In July 1911, Edith Roosevelt purchased 75 more acres at Pine Knot, anticipating that her husband would run for a second term as President. But they never returned to Pine Knot after their last visit in May 1908. However, this property stayed in the Roosevelt family even after Teddy's death, and Edith authorized its use by the local Boy Scout and Girl Scout troops. In 1941, Edith sold Pine Knot to George Omohundro, their neighbor and Teddy's hunting partner. Today in 2011, the Edith and Theodore Roosevelt Pine Knot Foundation manages the Pine Knot property.
This news item appeared in the New York Times, December 1905
NORTH GARDEN, VA, Dec. 27--President Roosevelt and party arrived here shortly before 3 o'clock this afternoon. The party took carriages immediately for Pine Knot, Mrs. Roosevelt's country place. The President will remain there until Sunday afternoon. He expects to be back in Washington at 9:30 o'clock Sunday night.
Accompanied by Mrs. Roosevelt and the children, Ethel, Kermit, and Archie, the President left Washington at 11:30 o'clock for a five days' outing. The trip was made over the Southern Railway in the private car, Rover, attached to a regular train. Theodore Roosevelt, Jr., will join the party tomorrow.
President Roosevelt's Vacation Home
American Carpenter and Builder, Spring 1906
President Roosevelt's new vacation retreat in the mountains of Virginia is a refuge which could scarcely be expected to appeal to a man unless his love of nature were deep and genuine. Pine Knot is located in an isolated section of the Old Dominion not readily accessible from either steam railroad or trolley line and all such luxuries as telephones and electric lights are utterly unknown. Moreover, the quaint cottage, closely hemmed in on all sides by the forest, is probably quite the most unpretentious habitation owned by a President of the United States.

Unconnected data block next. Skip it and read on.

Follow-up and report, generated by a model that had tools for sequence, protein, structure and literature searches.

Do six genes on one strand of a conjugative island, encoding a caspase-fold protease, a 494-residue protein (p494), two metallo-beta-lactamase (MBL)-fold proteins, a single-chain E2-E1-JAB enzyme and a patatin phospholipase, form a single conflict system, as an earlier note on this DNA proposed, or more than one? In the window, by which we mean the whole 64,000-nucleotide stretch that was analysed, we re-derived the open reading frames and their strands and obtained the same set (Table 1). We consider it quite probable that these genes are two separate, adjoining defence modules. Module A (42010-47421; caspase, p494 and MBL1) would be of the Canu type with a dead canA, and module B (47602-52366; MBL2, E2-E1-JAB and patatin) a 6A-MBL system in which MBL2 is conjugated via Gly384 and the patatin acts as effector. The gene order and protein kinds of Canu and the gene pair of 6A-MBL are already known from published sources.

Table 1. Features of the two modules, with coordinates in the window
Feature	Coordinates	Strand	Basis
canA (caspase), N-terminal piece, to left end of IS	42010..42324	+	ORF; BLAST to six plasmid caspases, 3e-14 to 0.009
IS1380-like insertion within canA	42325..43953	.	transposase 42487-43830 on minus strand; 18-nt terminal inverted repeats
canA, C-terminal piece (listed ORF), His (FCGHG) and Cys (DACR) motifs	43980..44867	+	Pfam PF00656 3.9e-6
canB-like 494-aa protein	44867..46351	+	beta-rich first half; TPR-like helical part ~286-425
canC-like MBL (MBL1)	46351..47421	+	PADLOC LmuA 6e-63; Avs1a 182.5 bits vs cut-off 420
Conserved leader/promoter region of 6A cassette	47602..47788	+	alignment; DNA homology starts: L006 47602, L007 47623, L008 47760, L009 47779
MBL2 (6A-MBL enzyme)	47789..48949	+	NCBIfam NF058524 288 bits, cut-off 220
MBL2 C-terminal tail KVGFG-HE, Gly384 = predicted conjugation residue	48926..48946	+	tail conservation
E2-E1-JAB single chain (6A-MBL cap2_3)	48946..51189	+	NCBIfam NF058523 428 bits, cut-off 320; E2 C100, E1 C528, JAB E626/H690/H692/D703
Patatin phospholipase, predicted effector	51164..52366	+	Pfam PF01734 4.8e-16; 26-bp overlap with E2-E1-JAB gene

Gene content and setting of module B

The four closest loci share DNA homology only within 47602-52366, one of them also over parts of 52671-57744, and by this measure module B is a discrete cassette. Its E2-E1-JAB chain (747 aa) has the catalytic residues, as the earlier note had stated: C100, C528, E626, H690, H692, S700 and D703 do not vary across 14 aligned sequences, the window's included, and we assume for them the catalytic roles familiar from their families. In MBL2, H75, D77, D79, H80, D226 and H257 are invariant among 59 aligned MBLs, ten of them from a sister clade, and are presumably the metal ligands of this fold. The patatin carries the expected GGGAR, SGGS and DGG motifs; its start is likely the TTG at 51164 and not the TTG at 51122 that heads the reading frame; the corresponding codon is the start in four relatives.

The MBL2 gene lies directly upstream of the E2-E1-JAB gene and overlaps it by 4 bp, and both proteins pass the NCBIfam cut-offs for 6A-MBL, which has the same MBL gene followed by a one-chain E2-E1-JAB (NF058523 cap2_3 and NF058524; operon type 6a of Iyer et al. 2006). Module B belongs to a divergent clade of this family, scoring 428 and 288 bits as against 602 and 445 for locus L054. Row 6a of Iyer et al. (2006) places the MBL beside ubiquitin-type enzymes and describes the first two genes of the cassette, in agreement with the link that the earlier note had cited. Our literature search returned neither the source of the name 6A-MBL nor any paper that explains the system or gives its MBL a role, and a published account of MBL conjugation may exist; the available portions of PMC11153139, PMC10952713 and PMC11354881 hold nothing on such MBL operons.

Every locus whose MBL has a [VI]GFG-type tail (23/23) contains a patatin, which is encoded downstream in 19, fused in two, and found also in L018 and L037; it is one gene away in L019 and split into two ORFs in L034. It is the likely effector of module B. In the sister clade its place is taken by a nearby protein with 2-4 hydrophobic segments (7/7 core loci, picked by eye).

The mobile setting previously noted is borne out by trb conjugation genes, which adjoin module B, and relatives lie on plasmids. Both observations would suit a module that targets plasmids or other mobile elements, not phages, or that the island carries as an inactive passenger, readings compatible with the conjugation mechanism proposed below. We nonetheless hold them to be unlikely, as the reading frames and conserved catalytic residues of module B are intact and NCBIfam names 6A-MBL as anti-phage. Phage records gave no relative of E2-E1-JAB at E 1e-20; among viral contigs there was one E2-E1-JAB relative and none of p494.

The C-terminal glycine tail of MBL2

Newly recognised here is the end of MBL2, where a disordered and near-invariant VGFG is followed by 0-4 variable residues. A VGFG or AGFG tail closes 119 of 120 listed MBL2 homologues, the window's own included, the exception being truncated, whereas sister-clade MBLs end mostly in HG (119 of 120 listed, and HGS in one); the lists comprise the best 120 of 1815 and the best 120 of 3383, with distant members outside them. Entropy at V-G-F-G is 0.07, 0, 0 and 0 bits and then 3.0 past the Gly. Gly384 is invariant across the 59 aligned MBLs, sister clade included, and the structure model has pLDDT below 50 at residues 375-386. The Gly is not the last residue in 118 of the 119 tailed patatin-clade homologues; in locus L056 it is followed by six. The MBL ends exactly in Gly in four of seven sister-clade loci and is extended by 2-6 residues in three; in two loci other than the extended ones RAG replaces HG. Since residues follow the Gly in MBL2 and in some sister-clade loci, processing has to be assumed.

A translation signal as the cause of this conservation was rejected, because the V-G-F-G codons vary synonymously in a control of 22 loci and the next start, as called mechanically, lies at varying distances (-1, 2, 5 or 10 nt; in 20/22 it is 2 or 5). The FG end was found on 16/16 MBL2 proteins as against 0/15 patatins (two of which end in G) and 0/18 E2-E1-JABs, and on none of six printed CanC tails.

The little wilderness estate where President Roosevelt and his family lead the simple life in real earnest is located in the broken and picturesque Piedmont region of central Virginia in the same environment which little more than a century ago encompassed the homes of Presidents Thomas Jefferson, Madison, and Monroe. The idea of securing this retreat on "the highlands of Albemarle" where the family might enjoy short vacations from time to time originated with Mrs. Roosevelt, but now he has had a taste of the delights of unconventional life in the mountains, the President is quite as enthusiastic as is his wife over his lodge in Dixie.
Pine Knot in 1906; photo by Waldon Fawcett
The Roosevelt estate comprises fifteen acres of land and was purchased about a year ago from William N. Wilmer, a New York banker and old personal friend of the Roosevelts, who has a large plantation adjoining. The lodge, a modest little two-story dwelling, set deep in the heart of the woods, was altered and improved to some extent in conformity with the wishes of Mrs. Roosevelt, but as is apparent from the accompanying illustration, it remains a decidedly modest shelter. In color, the house is ochre with brown trimmings and green blinds. A porch, supported by the trunks of young trees with the bark on, extends across the front of the house and the cottage is well shaded by overhanging trees on all sides.
Interior of Pine Knot, 1906; photo by Waldon Fawcett
The interior of the little frame structure which the mountaineers have dubbed "Roosevelt's Rest," is quite in keeping with the simplicity of the exterior.
In particularly marked contrast to the conveniences of the average city house is the equipment of "Mrs. Roosevelt's kitchen" at Pine Knot, aptly so named because the First Lady of the Land on most of her visits to the retreat has taken a hand in preparing the meals. On one occasion, two cooks from the White House accompanied the presidential party, but at other times the preparation of the meals for the Chief Executive and his sons, when long tramps over the hills have whetted their appetites, has been in the hands of Mrs. Roosevelt, assisted by "Aunt" Lina Coleman, a colored 'mammy' eighty-six years of age, who knows how to prepare all the proverbial Southern delicacies and who incidentally 'waits on table' for the Pine Knot household.
Pine Knot's Staff in 1906; photo by Waldon Fawcett
There is only one room under the roof at Pine Knot in which to tuck away servants and so most of the colored help about the place have quarters outside or over at Wilmers. The nearest approach to a servants' hall is the cabin of 'Uncle' Dick, a strapping big fellow, who acts as the President's guide and body servant and who incidentally has charge of the hunting dogs and the horse, Virginia Chief, which the President rides when at Pine Knot. It is Dick who opens the house and gets the fires going when word comes from Washington that a party from the White House is enroute for a sojourn at the lodge under the shadow of Green Mountain.